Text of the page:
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OU basketball: Are the Sooners at risk of being left out of the Big Dance?

Oklahoma's Trae Young (11) and coach Lon Kruger watch free throw shots during an NCAA college basketball game against Texas Tech, Tuesday, Feb. 13, 2018, in Lubbock, Texas. (AP Photo/Brad Tollefson)
OU basketball: Are the Sooners at risk of being left out of the Big Dance?

It’s a slide people in college basketball will be talking about for a longtime.

At 14-2, the Oklahoma Sooners rose to No. 4 in the country in the Associated Press’ college basketball poll. They led the country in scoring. Trae Young was well on his way to sweeping every major award for overall play, freshman, and point guards given out in college basketball. Then ranked No. 25 USC, No. 3 Wichita State, No. 10 TCU, No. 8 Texas Tech, and No. 16 TCU (again) were victims of the Sooners sudden rise. Oklahoma was world-beaters, and then they were not.

After their loss in the opening round of the Big 12 Tournament to Oklahoma State, Oklahoma is now 18-13–a 4-11 record since rising to the top of college basketball. Now, the question lingers: will Oklahoma be left out of the NCAA Tournament?

“Instead of taking care of business we left it in the committee’s hands,” Trae Young said after the game last night. “I think our resume speaks for itself. I think we had the toughest schedule in America.

“We had to go to Wichita State and play there, USC, a really good team. We played some Pac-12 teams in Oregon and then we played in the toughest conference in America. I think our resume speaks for itself. Instead of us taking care of business we left it in their hands, but we’ll see what happens.”

The fall has come at the hands of seeing social media and members of the media discuss if Oklahoma is even deserving of getting into the tournament. After last night’s game, it could be hard to be comfortable going into Sunday, but Lon Kruger knows it is out of their hands now.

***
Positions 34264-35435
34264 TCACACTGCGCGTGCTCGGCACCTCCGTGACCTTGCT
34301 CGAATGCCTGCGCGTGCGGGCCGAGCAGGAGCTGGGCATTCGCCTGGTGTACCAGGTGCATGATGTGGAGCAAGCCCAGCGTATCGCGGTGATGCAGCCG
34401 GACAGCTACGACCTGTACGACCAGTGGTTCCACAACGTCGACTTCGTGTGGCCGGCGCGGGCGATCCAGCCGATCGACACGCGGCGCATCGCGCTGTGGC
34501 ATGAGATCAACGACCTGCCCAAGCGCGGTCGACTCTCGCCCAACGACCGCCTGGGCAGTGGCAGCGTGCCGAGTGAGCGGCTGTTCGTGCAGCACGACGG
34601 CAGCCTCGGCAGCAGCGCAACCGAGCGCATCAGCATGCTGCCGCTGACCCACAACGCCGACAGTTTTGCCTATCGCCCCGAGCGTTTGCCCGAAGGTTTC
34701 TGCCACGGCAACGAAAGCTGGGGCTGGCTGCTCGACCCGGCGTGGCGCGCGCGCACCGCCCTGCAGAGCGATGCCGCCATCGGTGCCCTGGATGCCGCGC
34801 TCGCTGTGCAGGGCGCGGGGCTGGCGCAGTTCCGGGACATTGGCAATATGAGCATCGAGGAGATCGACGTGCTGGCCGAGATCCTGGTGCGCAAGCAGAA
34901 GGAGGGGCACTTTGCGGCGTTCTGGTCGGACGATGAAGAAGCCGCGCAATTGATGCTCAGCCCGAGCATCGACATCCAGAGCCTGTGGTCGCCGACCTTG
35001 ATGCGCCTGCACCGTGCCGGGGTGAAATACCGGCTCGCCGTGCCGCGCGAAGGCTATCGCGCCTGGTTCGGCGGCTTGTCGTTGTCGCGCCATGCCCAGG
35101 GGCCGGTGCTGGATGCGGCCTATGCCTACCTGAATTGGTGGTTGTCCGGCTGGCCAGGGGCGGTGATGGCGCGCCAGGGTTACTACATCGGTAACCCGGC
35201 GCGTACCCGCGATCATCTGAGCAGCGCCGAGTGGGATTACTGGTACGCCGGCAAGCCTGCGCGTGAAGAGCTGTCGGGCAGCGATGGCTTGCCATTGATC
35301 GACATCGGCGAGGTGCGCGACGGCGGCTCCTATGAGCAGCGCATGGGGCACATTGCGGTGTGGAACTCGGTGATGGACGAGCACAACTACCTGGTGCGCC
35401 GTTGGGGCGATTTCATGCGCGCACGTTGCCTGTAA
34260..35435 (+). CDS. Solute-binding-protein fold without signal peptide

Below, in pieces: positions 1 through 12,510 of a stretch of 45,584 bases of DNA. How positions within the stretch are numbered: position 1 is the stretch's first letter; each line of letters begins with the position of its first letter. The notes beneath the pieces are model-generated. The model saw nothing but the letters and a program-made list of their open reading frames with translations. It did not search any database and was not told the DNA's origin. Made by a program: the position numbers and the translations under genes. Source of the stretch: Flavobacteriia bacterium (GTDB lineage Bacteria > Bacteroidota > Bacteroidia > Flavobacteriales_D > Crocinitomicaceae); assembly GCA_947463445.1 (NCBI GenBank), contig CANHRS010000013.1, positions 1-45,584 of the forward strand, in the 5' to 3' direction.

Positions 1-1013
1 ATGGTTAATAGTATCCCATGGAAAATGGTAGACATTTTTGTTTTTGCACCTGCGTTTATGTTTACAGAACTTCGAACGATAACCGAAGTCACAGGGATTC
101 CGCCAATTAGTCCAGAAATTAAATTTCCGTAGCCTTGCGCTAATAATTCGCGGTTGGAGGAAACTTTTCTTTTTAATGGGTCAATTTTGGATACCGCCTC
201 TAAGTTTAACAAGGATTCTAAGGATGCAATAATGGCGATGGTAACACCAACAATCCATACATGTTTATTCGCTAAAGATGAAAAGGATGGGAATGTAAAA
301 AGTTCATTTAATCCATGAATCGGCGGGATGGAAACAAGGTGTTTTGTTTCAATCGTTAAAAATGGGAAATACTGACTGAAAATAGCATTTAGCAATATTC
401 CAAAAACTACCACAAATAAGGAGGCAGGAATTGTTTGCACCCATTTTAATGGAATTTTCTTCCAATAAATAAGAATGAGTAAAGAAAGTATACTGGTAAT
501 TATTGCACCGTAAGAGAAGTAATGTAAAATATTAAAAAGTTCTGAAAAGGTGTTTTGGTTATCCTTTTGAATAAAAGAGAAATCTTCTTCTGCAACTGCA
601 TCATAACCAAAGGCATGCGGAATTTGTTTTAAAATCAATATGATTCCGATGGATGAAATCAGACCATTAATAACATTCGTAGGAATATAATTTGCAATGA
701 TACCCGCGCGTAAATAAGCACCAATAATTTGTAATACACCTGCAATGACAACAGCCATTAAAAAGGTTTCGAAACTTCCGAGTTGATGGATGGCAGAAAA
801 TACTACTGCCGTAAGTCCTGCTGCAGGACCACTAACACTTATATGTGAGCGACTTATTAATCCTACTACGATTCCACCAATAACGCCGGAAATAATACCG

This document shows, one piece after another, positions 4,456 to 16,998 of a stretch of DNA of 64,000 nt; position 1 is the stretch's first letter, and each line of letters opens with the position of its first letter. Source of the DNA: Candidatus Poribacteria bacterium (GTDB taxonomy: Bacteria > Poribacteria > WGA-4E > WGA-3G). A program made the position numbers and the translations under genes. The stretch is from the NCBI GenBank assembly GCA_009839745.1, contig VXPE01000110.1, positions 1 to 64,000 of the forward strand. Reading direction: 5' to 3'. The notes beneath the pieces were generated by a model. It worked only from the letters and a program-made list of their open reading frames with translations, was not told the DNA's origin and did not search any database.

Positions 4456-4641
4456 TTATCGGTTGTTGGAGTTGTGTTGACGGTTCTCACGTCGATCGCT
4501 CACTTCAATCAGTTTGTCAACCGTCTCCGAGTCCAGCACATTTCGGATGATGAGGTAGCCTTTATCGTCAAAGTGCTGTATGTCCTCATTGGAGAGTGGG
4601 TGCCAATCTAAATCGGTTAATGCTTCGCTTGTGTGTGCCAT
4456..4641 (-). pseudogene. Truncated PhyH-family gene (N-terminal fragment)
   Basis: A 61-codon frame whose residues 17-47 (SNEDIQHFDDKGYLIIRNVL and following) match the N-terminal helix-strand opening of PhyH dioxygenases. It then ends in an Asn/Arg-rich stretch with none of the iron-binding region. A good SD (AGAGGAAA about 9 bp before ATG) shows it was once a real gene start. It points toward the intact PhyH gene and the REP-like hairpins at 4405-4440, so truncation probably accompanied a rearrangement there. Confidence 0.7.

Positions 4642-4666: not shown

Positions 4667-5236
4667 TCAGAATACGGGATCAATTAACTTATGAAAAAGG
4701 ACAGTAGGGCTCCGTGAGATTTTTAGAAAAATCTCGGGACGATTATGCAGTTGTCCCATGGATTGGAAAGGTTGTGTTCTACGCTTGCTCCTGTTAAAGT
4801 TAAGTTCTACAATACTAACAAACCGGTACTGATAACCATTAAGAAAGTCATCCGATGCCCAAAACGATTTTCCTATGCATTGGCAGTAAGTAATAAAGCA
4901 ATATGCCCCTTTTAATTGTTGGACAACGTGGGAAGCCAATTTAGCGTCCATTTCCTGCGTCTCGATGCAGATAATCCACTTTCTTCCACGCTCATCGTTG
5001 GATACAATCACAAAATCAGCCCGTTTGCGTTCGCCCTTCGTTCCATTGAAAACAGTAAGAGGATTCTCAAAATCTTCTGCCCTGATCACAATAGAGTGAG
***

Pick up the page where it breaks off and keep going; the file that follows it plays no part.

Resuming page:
“Well, it’s irrelevant, you know. We didn’t take care of our business (in Kansas City), so we don’t have any say in that at this point,” Kruger said. “But, again, when you look at the nonconference schedule and the number of quality wins, you know, that’s what the committee will do.”

Their resume does speak for itself despite their fall.

According to the NCAA Tournament selection committee’s metrics for deciding seeding and who gets in the tournament, Oklahoma should feel good about where they stand. They have six wins against Quadrant I teams according to the NCAA Tournament criteria. Oklahoma has a 9-14 record against Quadrant I and II teams. Their schedule is ranked 25th in the country, and they are 47th in the RPI.

Diving deeper, Eli Boettger of USA Today sports compared Oklahoma’s resume against other teams who are considered in the tournament:

When looking back at previous years with teams in the same scenario as Oklahoma, Sports Illustrated’s Stewart Mandel shows that the Sooners actually are in better shape than those same teams:

Trae Young and the Sooners are on a historic slide, but it would take a different interpretation of the NCAA Tournament selection committee’s criteria for them to be out on Selection Sunday.

Deserving or not, Oklahoma is in, and should feel comfortable about hearing their name called when the time comes this Sunday.

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